IATA: Strong traffic growth continues in May

The International Air Transport Association (IATA) global passenger traffic results for May show strong demand growth compared to May 2014 for both domestic and international traffic. Total revenue passenger kilometers (RPKs) rose 6.9%, an improvement on the year-over-year increase in April of 5.7%. Capacity in May increased by 6.5%, and load factor rose 0.3 percentage points to 79.3%.

IATA Director General Tony Tyler confirms that connectivity remained robust in May, but warned that the financial crisis in Greece and weakness in regional trade activity in Asia-Pacific could dampen performance in these markets in the coming months.

International Passenger Markets
May international passenger demand rose 7.1% compared to May 2014, with airlines in all regions except Africa recording growth.

North American airlines’ traffic rose 2.0% compared to May a year ago, which was an improvement on the April rise of 0.7%. Capacity climbed 4.2% and load factor fell 1.7 percentage points to 81.1%. Expectations for better economic performance in Q2 should support demand for air travel, but IATA cautions that the strengthening dollar can place downward pressure on international leisure travel to the US.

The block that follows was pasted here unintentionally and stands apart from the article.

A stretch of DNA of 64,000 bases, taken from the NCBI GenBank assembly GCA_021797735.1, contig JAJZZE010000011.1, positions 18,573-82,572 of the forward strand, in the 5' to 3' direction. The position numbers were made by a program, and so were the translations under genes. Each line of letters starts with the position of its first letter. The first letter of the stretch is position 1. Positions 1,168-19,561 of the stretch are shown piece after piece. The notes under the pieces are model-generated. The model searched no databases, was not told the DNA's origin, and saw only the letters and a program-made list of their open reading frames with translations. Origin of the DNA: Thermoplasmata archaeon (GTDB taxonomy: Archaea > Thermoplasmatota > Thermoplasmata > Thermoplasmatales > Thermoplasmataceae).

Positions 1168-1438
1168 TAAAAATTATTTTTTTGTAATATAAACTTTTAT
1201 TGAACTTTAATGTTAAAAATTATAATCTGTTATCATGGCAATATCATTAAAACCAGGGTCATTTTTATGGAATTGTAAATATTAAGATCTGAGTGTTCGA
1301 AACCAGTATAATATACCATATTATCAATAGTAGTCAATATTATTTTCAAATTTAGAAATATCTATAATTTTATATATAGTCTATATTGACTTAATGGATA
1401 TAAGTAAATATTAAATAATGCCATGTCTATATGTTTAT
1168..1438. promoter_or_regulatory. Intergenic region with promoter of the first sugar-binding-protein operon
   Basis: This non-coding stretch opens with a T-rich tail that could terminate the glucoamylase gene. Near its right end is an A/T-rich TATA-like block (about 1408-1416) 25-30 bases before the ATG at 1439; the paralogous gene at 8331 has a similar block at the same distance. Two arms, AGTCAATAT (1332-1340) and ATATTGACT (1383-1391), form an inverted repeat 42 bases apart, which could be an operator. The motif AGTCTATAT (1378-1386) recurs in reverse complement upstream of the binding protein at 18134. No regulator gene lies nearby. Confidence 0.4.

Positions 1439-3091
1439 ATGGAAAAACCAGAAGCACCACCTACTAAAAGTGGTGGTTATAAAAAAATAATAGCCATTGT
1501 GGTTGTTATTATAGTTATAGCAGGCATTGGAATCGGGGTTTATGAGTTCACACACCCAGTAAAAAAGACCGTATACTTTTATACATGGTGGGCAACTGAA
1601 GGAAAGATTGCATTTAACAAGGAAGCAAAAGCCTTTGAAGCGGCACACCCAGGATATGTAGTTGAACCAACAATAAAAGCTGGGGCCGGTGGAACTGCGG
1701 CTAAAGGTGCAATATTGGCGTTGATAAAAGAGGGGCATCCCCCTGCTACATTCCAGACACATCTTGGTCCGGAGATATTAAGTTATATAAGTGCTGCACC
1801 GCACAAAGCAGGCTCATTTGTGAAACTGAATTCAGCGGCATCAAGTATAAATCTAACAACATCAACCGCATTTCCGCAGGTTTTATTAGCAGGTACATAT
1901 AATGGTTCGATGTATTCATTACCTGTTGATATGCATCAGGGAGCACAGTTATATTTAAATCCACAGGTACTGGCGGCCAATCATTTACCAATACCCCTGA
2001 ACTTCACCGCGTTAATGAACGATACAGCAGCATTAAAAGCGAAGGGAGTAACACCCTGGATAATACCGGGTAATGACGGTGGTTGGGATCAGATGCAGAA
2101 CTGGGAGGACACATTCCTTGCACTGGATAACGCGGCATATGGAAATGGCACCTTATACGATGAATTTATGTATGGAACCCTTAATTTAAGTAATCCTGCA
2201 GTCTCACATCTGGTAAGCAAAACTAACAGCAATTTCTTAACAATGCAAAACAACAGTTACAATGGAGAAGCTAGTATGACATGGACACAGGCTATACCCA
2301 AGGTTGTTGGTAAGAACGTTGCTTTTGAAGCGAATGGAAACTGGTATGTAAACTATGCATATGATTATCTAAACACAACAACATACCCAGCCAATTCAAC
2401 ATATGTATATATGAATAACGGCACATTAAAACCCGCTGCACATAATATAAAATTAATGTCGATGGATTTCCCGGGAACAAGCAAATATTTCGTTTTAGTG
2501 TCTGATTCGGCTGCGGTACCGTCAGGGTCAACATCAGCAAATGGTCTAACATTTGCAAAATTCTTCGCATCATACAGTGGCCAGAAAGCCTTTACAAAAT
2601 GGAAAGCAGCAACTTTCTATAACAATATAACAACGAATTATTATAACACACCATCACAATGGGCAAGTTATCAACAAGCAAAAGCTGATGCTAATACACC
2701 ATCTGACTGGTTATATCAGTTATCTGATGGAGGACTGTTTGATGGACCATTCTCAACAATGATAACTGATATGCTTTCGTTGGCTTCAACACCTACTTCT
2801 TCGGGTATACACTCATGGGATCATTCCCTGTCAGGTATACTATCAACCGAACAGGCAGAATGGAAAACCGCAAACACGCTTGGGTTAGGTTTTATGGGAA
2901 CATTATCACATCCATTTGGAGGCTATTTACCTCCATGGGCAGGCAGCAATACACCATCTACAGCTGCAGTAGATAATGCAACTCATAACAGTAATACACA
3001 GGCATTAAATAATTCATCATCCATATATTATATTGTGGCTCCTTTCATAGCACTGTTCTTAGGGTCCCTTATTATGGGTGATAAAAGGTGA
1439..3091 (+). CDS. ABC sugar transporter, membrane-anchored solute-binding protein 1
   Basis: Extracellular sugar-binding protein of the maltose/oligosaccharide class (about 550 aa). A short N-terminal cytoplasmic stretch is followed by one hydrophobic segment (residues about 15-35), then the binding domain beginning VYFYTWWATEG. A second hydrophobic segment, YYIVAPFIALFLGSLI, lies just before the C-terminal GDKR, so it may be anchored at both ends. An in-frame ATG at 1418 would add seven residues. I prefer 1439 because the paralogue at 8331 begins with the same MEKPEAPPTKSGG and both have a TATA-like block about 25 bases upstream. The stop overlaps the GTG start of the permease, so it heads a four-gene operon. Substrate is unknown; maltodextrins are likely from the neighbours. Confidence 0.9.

Latin American airlines experienced a 7.4% rise in traffic compared to May 2014. Capacity climbed 6.8% and load factor rose 0.4 percentage points to 80.2%. Regional trade volumes have continued to improve, which has provided a boost to business related international travel despite weakness in Argentina and Brazil.

Asia-Pacific airlines’ May traffic jumped 9.4% compared to the year-ago period. Capacity rose 6.8% and load factor climbed 1.8 percentage points to 76.0%. The strong performance occurred despite weakness in regional trade activity during recent months.

European carriers saw demand increase by 5.9%. Growth has been robust despite Europe’s economic woes in May. Capacity climbed 4.1% and load factor rose 1.4 percentage points to 81.6%, highest among the regions.

Middle East carriers’ May demand soared 14.0%. Business activity in non-oil sectors point to strong growth. The result also could reflect some additional travel prior to the arrival of the month-long Ramadan period that began in June. Capacity rose 19.7% and load factor fell 3.7 percentage points to 74.6%.

African airlines’ traffic fell 3.9% in May and capacity dropped faster than demand, slipping 4.9%, with the result that load factor improved 0.7 percentage points to 64.6%.

Domestic Passenger Markets

Domestic travel demand rose 6.6% in May compared to May 2014, with the strongest growth occurring in India, up by 18.2% over May 2014, and China, up 12.7%.